The March for Science is personal for our founder

Our founder, Justine Henning, has written an essay for Vox.com: Science is why my cancer diagnosis isn’t a death sentence. Today I march for science. The essay connects her own cancer diagnosis with the work of scientists that we feature here at Math4Science, and why she believes in the importance of science. Here are the opening paragraphs: I’ve been thinking frequently this month about Henrietta, my paternal grandmother. I try to imagine what it felt like to be an American Jew in the mid-1940s, with news coming in about what happened to one’s counterparts in Europe. Henrietta and all but… Learn more

Fern Hunt

Applied Mathematician How can a triangle help mathematicians predict how likely a driver is to choose any one of three different paths to her destination? Which kind of triangle best models that situation? And what does this have to do with computers? Read on to find out. Applied Mathematician Fern Hunt uses probability to help us better understand how computers work, how information and disease spread, and patterns in certain kinds of bacteria. The mathematical tools she applies to her work include Markov chains, vertex covers, greedoids, and other complicated ways of analyzing information. Below, you will learn about one… Learn more

Erika Camacho

Math helped Applied Mathematician Erika Camacho adjust to a new school after her family moved to the United States. Can it also help people see better and limit the recruitment efforts of terrorist groups? Camacho creates mathematical models to show scientists how the human retina — the part of the eye that contains the cells known as rods and cones — functions. Her work helps doctors improve treatments for the now-incurable disease retinitis pigmentosa. The eyes of mammals contain photoreceptor cells which absorb light and turn it into electrical signals. Our brains turn those signals into images we can make… Learn more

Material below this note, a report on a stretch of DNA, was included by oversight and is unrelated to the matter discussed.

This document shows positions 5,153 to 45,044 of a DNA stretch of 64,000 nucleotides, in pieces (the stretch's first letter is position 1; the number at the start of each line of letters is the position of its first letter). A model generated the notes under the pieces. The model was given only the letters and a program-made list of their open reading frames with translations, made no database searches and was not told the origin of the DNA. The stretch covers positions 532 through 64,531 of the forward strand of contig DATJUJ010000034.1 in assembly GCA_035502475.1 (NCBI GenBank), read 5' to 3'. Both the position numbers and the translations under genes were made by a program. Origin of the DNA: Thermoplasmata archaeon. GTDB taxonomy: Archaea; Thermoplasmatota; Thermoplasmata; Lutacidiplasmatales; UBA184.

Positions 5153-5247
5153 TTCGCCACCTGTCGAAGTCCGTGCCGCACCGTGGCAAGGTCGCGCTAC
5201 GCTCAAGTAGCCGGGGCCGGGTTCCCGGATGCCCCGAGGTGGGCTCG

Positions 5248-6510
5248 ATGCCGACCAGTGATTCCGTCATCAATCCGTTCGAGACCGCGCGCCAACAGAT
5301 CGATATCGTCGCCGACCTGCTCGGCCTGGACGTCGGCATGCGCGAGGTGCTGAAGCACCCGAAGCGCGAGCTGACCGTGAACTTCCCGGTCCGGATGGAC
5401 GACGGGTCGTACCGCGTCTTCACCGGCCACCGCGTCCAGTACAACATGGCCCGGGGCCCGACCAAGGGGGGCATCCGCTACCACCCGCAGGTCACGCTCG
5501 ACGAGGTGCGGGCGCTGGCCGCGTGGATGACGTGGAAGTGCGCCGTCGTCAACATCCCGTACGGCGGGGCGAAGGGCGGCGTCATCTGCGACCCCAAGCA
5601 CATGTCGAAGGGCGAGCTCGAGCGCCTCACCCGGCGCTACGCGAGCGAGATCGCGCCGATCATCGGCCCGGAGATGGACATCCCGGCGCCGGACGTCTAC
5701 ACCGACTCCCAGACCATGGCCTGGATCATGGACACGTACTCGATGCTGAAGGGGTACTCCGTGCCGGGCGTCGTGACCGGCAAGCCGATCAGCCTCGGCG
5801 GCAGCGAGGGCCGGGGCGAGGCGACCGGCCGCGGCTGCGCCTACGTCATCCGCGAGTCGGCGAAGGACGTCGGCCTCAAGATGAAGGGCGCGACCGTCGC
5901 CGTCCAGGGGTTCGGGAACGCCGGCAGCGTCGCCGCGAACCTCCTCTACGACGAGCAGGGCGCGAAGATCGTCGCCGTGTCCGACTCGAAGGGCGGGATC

Data Scientist

Data scientists teach computers to make insights about the world—some that humans can make easily, like telling your best friend’s face apart from your mother’s, and some, like whether you’re likely to get sick or make a new friend, that humans might otherwise miss. Alex Paul (Sandy) Pentland and his colleagues have taught computers to recognize faces and to predict the outcomes of face-to-face interactions, from speed-dating to business negotiations, with remarkable accuracy.

Alex Paul (Sandy) Pentland

Data Scientist Can the information our computers gather about us improve our lives? In the future, will machines track our social interactions at work and at play? Will they improve our ability to make friends, find love, and succeed professionally? “For the first time, we can precisely map the behavior of large numbers of people as they go about their normal lives,” says Data Scientist Alex (Sandy) Pentland in his book: Honest Signals: How They Shape Our World. Using a “sociometer,” built with “cell phones and electronic badges with integrated sensors,” (x) Pentland and his students created a way to… Learn more